Wencewicz’ research is dedicated to the discovery of new antibacterial scaffolds and drug delivery systems that act against underexploited biological targets and overcome known resistance mechanisms.
In the media
Researchers from Arts & Sciences have solved the X-ray crystal structure of the enzyme that makes obafluorin — a broad spectrum antibiotic agent made by a fluorescent strain of soil bacteria. This new class of antibiotics might provide a powerful antidote to the growing scourge of antibiotic resistance.
The Alfred P. Sloan Foundation announced Feb. 15 that Timothy A. Wencewicz, assistant professor of chemistry in Arts & Sciences at Washington University in St. Louis, has been awarded a 2018 Sloan Research Fellowship. He is among 126 outstanding U.S. and Canadian researchers selected as fellowship recipients this year.
Using genomics, a chemistry lab has worked out the biosynthetic machinery that makes a new class of antibiotic compounds called the beta-lactones. Like the beta-lactams, such as penicillin, they have an unstable four-member ring. The key to their antibiotic activity, it is also difficult to synthesize.
As dangerous bacteria grow more savvy at evading antibiotics, researchers are seeking new ways to counterattack. Rather than design new drugs from scratch, some scientists are searching for ways to block the microbes’ evasive maneuvers. If resistance can be shut down, current drugs should remain effective. That concept is demonstrated in a new study from the School of Medicine.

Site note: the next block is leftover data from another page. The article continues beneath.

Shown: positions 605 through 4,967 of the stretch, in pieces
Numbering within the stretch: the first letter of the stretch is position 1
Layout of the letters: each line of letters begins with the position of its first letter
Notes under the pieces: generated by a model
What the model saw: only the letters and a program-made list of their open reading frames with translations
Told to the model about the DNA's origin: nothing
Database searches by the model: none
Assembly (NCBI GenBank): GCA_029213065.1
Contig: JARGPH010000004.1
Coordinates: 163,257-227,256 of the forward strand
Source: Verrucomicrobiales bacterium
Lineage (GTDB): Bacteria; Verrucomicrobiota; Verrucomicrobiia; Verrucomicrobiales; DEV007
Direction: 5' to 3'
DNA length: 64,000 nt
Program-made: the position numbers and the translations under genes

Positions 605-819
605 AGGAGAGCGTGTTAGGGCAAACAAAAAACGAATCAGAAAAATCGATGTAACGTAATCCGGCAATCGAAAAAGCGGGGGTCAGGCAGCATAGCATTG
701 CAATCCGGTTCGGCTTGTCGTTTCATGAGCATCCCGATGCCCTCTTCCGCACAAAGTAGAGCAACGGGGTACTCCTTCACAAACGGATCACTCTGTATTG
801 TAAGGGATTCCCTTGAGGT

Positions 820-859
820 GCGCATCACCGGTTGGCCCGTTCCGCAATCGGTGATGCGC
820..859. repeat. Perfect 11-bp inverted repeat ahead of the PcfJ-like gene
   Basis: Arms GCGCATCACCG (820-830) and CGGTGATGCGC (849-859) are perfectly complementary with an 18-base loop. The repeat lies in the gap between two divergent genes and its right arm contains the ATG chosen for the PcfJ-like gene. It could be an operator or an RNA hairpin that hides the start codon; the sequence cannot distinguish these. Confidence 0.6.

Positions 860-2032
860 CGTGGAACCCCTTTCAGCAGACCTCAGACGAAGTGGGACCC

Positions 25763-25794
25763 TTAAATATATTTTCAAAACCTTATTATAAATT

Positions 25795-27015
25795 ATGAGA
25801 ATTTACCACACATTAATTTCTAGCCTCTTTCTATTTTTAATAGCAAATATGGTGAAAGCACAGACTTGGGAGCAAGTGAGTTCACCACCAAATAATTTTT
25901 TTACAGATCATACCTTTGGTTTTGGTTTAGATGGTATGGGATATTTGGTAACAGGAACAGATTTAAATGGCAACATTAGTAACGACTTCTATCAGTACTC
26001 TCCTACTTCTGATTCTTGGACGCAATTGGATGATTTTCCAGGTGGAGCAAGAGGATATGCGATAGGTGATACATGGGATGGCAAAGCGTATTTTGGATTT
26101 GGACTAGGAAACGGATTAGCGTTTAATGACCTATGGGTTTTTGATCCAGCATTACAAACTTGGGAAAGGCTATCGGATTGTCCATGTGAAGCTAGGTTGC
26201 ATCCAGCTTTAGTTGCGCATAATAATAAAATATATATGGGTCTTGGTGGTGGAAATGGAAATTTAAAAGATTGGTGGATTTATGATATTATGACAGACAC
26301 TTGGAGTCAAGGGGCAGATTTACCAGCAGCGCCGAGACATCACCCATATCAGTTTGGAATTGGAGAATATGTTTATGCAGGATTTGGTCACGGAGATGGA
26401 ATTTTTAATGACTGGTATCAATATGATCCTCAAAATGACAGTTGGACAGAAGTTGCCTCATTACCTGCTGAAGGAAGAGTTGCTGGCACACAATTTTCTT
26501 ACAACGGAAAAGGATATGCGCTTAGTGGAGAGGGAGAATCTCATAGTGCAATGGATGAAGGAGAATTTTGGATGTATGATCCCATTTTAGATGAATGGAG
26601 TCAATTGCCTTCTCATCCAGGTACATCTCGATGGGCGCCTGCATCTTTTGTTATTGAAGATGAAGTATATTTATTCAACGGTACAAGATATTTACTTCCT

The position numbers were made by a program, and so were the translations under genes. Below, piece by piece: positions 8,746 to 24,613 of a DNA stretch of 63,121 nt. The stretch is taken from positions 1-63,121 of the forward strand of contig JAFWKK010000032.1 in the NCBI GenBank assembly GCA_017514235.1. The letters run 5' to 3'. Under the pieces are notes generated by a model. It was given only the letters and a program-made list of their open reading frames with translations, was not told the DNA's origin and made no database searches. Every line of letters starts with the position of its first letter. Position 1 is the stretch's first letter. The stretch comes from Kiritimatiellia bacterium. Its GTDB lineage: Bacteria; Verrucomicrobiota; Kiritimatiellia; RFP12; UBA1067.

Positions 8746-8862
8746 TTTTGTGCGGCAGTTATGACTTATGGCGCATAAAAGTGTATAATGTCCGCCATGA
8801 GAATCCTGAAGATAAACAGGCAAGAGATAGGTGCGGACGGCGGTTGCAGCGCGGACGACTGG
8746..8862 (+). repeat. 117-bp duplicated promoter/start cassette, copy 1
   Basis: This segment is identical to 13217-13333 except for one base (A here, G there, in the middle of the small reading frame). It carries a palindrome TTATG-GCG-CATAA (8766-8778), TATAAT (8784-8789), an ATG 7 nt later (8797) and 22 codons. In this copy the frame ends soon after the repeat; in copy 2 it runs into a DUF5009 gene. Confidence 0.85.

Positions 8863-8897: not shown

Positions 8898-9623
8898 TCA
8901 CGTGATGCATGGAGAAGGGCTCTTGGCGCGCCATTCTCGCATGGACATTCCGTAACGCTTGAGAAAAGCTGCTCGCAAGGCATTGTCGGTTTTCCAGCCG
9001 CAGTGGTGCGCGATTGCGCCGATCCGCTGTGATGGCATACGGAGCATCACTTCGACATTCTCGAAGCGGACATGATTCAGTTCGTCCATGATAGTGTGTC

Given that antibiotics are losing effectiveness faster than we are finding replacements for them, chemist Timothy Wencewicz in Arts & Sciences at Washington University in St. Louis suggests a new approach. Drugs that hobble the production of virulence factors — small molecules that help bacteria to establish an infection in a host — would put much less selective pressure on bacteria and delay resistance.
A novel antibiotic delivery system would exploit small molecules called siderophores that bacteria secrete to scavenge for iron in their environments. Each bacterium has its own system of siderophores, which it pumps across its cell membrane before releasing the iron the siderophores hold. If an antibiotic were linked to one of these scavenger molecules, it would be converted into a tiny Trojan horse that would smuggle antibiotics inside a bacterium’s cell membrane.
Washington University in St Louis chemist Timothy Wencewicz says we’ll stay ahead of antibiotic resistance only if we find drugs with new scaffolds, or core chemical structures. One promising candidate, an antibiotic made by a bacterium than infects plants, caught his attention because it contains an “enchanted ring,” the beta-lactam ring that is found in penicillin. In this drug candidate, however, it acts against a different target than the penicillins.